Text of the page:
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Nature. 1979 May 31;279(5712):419-21.

An evolutionarily stable strategy approach to indiscriminate spite.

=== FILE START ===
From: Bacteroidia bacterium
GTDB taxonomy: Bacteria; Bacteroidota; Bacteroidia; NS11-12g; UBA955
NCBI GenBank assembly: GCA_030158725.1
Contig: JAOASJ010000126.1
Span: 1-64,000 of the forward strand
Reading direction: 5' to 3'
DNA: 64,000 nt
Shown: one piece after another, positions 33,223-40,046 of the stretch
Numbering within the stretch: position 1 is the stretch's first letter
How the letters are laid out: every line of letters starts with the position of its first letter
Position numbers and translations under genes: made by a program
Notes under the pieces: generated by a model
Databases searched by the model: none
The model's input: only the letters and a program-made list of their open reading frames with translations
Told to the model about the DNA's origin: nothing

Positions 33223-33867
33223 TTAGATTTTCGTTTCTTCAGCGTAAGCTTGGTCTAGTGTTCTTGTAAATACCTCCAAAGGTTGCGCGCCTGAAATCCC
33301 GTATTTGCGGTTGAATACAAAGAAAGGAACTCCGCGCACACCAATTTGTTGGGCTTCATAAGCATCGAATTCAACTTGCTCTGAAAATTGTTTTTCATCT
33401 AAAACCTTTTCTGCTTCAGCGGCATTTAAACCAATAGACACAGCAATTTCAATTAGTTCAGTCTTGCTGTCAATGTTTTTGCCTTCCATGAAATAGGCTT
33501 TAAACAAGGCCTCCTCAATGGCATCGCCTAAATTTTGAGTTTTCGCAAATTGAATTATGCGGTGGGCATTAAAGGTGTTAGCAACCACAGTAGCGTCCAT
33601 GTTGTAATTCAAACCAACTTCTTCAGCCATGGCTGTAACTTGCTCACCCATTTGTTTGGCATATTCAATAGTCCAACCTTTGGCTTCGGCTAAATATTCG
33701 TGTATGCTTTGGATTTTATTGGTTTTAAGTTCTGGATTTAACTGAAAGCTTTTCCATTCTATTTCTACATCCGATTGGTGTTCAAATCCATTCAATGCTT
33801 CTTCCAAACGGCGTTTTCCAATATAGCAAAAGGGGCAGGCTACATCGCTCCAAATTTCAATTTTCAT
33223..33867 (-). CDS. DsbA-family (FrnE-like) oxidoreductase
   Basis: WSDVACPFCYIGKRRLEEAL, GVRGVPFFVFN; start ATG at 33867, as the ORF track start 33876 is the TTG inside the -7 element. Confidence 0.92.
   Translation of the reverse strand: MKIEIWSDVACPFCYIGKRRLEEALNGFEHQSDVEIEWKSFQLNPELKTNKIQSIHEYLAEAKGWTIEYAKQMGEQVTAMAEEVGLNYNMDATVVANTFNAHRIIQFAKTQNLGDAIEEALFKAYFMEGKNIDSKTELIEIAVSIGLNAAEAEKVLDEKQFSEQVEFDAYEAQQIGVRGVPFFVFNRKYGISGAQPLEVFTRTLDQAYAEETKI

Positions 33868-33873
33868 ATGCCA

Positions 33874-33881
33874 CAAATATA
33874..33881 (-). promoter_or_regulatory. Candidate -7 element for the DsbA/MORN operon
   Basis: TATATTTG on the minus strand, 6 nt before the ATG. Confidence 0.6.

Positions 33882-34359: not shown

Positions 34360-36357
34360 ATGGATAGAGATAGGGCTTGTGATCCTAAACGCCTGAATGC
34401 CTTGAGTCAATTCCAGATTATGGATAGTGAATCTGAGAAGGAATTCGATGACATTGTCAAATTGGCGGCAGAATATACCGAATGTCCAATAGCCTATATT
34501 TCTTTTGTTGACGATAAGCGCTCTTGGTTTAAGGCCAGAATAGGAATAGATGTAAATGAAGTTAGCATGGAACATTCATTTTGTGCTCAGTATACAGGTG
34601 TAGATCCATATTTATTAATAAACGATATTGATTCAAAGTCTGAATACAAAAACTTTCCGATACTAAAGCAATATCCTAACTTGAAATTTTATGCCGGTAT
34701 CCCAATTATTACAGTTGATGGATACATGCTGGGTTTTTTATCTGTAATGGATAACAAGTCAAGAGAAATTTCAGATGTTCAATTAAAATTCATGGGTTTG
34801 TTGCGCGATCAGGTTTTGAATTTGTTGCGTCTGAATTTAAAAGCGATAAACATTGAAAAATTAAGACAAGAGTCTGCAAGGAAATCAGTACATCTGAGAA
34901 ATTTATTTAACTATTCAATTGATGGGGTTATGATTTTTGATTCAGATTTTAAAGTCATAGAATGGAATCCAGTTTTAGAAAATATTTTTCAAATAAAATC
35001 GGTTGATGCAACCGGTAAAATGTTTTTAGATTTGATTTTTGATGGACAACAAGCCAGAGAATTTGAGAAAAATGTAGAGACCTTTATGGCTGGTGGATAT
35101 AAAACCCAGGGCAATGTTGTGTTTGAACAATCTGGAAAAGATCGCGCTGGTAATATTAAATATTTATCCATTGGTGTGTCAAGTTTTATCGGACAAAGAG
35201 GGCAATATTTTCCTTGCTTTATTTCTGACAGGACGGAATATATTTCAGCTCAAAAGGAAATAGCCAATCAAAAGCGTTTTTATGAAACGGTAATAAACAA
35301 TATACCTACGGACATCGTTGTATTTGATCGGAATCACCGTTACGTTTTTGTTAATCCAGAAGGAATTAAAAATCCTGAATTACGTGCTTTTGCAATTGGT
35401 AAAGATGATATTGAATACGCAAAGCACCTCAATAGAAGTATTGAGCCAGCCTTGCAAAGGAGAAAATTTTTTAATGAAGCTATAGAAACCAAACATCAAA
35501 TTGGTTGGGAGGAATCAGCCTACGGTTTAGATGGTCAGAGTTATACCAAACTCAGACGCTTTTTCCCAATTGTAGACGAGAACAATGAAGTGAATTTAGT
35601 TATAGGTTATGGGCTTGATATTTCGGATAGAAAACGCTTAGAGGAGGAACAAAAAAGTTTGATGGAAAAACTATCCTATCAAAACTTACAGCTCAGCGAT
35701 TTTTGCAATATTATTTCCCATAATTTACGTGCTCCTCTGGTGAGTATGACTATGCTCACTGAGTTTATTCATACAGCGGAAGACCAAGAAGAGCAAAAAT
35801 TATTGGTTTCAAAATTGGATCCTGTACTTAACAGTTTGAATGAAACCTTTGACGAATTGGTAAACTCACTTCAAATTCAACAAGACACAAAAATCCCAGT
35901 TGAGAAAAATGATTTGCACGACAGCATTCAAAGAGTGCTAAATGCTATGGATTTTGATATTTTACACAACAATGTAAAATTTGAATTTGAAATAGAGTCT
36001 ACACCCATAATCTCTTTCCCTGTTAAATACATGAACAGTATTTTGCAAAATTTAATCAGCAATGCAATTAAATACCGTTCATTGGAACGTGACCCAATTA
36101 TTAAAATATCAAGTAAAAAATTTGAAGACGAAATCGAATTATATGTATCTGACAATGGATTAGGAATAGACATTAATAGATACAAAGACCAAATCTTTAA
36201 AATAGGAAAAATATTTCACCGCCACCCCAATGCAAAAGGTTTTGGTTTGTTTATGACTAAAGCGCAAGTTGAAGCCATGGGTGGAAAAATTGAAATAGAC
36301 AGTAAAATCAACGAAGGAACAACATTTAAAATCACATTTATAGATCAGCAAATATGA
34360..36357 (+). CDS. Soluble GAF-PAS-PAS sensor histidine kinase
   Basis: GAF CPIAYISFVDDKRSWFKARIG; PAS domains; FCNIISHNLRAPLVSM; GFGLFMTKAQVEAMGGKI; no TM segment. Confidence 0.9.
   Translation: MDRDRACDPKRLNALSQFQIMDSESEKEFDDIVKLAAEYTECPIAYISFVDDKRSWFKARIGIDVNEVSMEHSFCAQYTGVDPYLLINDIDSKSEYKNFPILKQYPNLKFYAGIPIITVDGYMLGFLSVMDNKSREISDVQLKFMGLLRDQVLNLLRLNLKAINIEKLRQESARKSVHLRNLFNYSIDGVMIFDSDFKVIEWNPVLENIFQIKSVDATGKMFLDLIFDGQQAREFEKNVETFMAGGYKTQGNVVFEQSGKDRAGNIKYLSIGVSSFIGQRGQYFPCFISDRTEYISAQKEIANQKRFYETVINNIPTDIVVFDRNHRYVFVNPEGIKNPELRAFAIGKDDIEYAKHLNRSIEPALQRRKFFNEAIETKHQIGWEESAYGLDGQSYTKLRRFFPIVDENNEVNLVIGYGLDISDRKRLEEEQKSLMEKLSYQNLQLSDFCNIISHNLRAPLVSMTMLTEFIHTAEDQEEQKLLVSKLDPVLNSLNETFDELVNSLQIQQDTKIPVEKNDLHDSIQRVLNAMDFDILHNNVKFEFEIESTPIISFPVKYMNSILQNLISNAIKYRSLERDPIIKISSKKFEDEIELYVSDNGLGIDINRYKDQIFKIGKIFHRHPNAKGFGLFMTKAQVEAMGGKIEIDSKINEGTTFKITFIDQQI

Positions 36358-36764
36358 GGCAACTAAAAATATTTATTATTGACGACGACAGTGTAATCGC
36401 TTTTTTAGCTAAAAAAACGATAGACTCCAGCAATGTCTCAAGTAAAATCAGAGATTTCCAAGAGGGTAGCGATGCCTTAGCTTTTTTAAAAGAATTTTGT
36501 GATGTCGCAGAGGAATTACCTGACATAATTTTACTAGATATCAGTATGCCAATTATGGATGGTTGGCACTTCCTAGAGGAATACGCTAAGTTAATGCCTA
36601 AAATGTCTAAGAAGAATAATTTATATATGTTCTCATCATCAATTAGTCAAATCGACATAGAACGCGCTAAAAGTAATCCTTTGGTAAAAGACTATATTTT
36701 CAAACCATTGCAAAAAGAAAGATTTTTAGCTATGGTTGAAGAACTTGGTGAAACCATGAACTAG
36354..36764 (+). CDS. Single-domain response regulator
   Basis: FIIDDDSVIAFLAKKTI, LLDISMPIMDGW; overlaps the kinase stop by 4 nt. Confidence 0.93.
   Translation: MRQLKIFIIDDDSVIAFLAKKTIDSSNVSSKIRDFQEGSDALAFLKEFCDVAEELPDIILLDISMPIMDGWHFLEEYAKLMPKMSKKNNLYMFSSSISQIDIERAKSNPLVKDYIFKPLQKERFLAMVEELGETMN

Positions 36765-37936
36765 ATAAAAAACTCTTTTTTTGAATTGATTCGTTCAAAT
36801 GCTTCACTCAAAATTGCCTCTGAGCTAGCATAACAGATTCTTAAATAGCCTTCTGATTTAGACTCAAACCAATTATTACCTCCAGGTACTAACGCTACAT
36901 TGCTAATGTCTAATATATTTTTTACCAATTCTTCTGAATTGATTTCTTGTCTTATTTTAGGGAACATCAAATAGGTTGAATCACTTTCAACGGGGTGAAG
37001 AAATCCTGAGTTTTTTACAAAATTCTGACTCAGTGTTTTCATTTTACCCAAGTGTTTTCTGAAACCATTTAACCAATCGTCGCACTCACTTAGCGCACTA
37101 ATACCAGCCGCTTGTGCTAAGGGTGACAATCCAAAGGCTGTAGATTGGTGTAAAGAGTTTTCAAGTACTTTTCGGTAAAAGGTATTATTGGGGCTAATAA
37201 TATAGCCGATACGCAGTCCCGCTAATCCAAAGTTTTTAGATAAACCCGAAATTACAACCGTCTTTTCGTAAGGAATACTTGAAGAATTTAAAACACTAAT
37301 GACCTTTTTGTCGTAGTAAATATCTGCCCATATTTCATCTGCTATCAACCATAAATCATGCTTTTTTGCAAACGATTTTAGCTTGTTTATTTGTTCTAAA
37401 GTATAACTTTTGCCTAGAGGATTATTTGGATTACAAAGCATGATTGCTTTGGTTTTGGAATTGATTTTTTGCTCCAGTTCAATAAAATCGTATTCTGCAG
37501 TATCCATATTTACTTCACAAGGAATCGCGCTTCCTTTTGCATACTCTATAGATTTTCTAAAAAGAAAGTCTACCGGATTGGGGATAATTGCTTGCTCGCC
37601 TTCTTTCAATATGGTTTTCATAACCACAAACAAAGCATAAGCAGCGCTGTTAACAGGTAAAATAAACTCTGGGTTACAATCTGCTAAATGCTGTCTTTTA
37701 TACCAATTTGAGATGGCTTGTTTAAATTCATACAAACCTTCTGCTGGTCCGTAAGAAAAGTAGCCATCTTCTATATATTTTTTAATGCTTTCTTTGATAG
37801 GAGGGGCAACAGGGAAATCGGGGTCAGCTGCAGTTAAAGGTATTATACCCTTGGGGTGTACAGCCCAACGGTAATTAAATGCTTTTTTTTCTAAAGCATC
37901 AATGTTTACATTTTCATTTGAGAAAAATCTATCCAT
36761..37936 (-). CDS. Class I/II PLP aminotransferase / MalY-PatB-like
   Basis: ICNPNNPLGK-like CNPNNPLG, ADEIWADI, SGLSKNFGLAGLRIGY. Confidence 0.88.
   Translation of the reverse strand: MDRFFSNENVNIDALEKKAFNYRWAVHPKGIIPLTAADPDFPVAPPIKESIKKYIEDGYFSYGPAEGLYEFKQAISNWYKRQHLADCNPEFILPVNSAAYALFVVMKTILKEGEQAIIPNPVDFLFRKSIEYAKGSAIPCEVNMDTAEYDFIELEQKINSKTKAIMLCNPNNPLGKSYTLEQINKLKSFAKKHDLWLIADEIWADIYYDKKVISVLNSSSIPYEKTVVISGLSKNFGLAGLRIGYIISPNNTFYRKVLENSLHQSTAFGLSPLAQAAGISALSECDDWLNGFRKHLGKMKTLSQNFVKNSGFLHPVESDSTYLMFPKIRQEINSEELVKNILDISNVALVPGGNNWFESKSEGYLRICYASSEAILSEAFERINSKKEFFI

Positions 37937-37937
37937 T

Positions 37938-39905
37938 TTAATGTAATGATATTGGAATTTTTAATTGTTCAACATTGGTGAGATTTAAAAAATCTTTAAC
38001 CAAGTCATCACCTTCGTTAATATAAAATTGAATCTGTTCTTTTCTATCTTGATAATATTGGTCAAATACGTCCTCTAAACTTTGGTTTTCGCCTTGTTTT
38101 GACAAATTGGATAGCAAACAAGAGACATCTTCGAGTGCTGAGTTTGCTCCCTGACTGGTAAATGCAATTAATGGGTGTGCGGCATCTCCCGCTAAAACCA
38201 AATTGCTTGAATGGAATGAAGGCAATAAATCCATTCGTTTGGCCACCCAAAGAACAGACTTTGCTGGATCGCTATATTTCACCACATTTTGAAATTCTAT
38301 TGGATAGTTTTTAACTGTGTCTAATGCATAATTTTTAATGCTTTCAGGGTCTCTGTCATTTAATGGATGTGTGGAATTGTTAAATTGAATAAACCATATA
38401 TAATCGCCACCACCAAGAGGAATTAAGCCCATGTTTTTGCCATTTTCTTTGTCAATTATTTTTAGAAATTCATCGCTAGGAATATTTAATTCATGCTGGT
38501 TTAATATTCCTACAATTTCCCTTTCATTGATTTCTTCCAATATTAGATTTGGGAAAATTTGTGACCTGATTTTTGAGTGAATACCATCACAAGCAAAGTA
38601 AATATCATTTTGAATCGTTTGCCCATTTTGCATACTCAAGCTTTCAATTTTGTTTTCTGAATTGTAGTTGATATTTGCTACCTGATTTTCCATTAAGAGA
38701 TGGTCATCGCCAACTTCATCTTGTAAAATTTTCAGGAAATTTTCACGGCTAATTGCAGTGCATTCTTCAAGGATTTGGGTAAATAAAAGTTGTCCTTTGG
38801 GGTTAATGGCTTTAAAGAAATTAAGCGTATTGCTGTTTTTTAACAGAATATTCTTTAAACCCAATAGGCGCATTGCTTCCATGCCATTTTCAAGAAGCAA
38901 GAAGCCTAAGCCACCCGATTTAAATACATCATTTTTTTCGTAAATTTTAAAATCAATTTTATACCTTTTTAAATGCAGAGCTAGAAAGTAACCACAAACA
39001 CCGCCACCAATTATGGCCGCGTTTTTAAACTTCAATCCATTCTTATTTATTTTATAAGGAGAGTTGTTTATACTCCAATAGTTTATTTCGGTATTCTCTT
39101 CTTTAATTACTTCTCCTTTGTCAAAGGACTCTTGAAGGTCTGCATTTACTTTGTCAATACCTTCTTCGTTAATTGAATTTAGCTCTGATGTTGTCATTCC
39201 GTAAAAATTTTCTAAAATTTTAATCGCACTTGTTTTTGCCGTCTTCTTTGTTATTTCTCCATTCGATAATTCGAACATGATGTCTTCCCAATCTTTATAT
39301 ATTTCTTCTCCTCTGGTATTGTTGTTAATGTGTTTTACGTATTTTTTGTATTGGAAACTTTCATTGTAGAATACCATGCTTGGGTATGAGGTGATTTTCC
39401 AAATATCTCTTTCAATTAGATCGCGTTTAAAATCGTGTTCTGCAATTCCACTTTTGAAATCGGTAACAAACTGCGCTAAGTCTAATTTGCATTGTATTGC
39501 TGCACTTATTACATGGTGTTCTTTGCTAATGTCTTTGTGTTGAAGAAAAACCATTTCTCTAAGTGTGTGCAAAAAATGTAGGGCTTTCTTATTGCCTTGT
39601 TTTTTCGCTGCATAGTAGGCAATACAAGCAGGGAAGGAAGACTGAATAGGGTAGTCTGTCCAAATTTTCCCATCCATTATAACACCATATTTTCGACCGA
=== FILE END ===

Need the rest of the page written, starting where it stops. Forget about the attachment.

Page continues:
AN individual behaves spitefully when it harms itself in order to harm another individual more(1). Hamilton(1,2) predicted that spite may evolve if it is expressed only in those encounters that occur between individuals of less than average relatedness. More recently Verner(3) suggested that territory size may become super-optimal because of a selective advantage arising from the spiteful exclusion of others from limited resources. His model is essentially different from Hamilton's in that spite is directed at individuals indiscriminately with respect to relatedness. Recently Rothstein(4) has shown analytically that the initial spread of spiteful traits will be very slow in all but the smallest populations. He also argued verbally that indiscriminate spite can never be evolutionarily stable even if it should spread (see also Davies(5)). The question of evolutionary stability is clearly important, but its resolution requires an analytical approach. We report here an approach based on Maynard Smith's(6) concept of the evolutionarily stable strategy (ESS), a strategy which, when common, does better than any alternative strategy played by a rare mutant. We show that spite can be an ESS, but that the magnitude of spite will be small in large populations.


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